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Teaching with Cases: Initial Advice

By Bill Frey and Chuck Huff

Here we provide some helpful hints for leading discussions of ethics cases. These are geared primarily for those who have never approached the task before, but there is enough detail that experienced hands might want at least to skim the headers and dip in where appropriate. We organize this essay by a series of short admonitions, each backed up with commentary.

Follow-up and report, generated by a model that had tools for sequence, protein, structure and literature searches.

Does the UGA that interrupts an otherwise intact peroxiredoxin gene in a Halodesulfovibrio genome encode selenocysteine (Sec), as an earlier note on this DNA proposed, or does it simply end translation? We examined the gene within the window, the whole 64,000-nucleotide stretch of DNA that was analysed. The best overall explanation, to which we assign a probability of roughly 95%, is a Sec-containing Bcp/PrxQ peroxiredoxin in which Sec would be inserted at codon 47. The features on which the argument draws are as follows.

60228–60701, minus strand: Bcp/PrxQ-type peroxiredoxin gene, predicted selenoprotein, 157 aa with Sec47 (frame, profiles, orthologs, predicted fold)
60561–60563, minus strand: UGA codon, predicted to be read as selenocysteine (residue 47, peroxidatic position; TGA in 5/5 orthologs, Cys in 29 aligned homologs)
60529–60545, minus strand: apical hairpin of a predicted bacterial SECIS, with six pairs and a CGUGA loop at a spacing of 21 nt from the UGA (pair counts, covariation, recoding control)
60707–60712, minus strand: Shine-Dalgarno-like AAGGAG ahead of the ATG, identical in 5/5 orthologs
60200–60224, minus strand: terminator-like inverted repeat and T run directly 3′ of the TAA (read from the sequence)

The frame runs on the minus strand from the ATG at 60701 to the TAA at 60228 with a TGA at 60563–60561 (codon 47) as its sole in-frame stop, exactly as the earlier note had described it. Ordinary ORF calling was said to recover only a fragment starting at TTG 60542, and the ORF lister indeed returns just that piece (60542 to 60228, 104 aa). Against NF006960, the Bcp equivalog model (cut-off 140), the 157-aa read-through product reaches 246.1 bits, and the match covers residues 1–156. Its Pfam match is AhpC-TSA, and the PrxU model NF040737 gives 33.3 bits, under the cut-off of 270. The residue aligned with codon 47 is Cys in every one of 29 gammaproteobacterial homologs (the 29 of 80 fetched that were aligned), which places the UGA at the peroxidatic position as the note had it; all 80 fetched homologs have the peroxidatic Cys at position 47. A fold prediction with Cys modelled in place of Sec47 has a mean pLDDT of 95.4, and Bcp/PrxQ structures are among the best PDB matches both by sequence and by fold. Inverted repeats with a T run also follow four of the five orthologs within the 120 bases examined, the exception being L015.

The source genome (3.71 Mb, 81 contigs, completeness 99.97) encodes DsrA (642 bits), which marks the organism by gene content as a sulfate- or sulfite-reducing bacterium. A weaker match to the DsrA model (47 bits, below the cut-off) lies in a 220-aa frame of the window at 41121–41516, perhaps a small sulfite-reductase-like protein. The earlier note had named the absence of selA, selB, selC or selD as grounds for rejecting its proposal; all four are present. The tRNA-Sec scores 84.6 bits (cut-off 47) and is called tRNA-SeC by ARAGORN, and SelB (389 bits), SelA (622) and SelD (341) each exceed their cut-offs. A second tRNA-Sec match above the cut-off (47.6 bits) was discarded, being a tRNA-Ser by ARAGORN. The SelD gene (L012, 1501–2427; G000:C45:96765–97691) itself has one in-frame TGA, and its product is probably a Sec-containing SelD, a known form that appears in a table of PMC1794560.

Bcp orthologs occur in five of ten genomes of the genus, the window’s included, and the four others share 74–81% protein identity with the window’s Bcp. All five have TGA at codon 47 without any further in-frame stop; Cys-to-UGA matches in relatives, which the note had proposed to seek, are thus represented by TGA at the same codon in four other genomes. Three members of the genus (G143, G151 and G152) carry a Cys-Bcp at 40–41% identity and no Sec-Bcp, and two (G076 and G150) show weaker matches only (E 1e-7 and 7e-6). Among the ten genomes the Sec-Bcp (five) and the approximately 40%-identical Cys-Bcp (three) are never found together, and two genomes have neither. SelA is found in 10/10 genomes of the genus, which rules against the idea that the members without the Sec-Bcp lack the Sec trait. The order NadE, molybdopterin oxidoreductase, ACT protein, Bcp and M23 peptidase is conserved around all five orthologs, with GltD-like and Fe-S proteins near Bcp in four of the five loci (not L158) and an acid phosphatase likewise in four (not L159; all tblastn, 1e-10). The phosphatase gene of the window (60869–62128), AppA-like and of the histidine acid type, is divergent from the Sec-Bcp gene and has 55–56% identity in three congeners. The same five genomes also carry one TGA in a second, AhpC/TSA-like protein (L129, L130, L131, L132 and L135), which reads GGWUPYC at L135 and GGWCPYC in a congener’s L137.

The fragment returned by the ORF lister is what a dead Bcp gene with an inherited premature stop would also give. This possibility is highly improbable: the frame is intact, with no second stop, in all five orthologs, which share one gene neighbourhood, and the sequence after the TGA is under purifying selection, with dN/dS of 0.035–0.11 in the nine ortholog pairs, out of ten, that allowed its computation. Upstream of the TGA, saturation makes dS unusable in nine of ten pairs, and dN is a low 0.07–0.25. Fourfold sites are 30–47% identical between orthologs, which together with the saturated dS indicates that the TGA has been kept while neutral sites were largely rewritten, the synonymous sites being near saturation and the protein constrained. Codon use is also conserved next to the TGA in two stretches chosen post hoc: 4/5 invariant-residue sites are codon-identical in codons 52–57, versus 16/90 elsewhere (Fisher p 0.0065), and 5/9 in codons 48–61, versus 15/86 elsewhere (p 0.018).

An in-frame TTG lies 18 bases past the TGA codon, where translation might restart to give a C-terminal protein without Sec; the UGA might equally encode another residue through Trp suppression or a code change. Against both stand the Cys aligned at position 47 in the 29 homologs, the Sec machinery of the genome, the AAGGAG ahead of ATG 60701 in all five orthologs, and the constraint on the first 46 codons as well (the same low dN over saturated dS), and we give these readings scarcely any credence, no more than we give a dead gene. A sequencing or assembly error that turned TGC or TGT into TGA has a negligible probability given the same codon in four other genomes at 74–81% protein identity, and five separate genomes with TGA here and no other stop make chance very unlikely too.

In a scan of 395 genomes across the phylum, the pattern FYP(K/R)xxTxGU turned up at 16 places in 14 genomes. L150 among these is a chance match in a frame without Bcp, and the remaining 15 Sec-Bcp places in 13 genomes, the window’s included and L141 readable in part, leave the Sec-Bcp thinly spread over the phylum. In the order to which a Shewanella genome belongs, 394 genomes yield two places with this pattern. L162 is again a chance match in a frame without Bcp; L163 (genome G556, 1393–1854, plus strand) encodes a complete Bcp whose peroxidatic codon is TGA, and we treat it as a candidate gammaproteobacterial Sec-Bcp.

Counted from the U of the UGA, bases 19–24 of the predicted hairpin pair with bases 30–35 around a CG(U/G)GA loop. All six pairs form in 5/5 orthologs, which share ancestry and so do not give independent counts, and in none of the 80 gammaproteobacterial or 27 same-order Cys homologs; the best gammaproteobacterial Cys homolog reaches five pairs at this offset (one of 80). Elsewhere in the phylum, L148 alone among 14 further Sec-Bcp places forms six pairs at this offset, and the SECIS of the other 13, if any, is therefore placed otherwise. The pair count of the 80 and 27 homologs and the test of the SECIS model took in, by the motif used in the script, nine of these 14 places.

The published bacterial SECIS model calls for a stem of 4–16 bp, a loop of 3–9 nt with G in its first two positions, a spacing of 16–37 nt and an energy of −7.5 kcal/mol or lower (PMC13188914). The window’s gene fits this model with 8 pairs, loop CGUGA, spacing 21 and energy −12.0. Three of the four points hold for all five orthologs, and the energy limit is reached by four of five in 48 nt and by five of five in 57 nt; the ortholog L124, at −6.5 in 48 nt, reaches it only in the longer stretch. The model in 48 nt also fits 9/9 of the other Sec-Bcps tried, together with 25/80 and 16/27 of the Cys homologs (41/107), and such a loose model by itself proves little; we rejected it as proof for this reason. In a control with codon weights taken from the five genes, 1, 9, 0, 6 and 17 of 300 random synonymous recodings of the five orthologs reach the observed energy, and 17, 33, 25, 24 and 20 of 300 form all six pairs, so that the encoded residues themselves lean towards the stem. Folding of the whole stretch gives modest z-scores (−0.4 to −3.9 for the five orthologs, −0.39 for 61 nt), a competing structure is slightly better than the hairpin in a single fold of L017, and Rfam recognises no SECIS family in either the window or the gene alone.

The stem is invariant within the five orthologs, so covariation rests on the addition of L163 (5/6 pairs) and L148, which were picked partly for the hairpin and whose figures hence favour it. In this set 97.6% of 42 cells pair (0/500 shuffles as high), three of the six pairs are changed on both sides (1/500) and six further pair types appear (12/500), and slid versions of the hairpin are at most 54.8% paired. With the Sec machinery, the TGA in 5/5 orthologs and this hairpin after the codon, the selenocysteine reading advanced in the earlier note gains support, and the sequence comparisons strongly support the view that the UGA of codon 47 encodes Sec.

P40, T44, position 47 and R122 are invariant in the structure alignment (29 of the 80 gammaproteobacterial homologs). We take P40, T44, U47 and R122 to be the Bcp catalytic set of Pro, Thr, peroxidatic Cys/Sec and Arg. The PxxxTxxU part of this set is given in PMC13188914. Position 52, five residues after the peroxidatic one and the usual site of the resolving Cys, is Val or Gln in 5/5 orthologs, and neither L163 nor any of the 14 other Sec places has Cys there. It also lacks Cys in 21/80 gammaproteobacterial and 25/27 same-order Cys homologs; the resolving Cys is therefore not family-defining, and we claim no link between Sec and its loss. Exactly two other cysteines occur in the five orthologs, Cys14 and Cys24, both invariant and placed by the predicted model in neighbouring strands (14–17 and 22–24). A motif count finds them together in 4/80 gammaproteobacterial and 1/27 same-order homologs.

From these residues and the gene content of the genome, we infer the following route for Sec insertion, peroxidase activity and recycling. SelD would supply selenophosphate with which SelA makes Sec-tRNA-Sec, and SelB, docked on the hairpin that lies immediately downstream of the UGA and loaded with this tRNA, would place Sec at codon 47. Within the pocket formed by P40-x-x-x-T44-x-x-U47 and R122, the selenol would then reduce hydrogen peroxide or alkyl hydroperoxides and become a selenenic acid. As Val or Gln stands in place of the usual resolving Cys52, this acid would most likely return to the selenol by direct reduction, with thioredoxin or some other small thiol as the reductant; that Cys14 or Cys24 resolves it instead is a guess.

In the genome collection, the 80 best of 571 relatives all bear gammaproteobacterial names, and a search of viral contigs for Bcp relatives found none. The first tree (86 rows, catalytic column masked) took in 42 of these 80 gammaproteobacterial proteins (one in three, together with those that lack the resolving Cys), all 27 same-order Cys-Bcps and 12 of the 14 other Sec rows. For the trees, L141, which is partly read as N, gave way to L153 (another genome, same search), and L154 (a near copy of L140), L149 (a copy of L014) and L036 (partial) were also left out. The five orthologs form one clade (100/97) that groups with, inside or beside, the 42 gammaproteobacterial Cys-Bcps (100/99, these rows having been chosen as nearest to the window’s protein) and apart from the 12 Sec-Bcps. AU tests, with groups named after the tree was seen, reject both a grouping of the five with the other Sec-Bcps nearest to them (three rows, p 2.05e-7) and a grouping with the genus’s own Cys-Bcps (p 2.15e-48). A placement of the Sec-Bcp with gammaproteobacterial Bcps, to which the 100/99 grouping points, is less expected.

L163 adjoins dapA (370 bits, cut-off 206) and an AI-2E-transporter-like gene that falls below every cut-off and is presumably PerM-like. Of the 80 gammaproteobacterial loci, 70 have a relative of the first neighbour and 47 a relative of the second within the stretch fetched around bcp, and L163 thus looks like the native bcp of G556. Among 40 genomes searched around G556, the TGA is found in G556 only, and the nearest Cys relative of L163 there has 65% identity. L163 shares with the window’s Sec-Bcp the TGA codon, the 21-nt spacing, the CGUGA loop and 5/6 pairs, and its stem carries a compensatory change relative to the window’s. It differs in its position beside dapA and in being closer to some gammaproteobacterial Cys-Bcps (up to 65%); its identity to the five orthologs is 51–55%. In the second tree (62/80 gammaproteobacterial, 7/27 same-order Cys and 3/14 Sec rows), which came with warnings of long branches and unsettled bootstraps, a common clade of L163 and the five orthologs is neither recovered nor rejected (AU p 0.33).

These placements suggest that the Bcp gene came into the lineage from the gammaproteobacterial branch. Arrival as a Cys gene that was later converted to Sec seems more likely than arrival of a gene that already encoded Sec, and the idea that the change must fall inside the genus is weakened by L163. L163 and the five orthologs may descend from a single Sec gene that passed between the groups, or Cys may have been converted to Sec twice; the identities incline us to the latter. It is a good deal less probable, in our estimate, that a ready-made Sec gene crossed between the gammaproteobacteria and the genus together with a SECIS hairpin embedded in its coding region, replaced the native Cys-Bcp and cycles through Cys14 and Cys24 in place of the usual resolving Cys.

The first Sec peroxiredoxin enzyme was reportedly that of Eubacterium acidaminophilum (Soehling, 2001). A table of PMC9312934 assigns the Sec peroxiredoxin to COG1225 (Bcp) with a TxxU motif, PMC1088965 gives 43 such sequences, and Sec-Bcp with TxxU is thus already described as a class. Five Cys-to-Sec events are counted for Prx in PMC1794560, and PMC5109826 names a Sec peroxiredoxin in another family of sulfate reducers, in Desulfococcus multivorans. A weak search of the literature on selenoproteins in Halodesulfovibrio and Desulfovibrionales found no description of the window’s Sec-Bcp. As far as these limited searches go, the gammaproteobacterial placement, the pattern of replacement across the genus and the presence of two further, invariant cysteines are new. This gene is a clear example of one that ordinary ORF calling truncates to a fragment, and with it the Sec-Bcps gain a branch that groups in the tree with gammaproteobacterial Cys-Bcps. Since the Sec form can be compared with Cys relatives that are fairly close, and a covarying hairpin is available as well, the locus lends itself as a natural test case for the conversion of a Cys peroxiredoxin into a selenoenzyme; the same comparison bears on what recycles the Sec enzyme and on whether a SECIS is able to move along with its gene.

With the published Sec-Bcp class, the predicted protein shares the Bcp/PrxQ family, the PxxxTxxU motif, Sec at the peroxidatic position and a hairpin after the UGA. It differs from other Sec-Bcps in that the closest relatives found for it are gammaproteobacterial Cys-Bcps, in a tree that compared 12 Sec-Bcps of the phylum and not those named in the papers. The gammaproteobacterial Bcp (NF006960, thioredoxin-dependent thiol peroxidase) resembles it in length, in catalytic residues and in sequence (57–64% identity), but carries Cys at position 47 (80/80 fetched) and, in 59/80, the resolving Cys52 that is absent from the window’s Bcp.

The following links will take you to various pieces of advice, some being extensive.

Structure the discussion of a case by providing students a framework for analysis.

Intertwine your lecture with case discussion by means of meta-comments.

Don't turn the discussion into a lecture.

Give students time to think about their responses.

Be prepared for students to ask you what you would do if you were in this situation.

Be prepared to have students ask you what the right answer is in this situation.

Let students disagree (heck, beg them to disagree), but insist that they be reasonable.

Don't get stuck in just one way of discussing cases.

Don't get stuck using just one type of case.

Conclusion: Have Fun!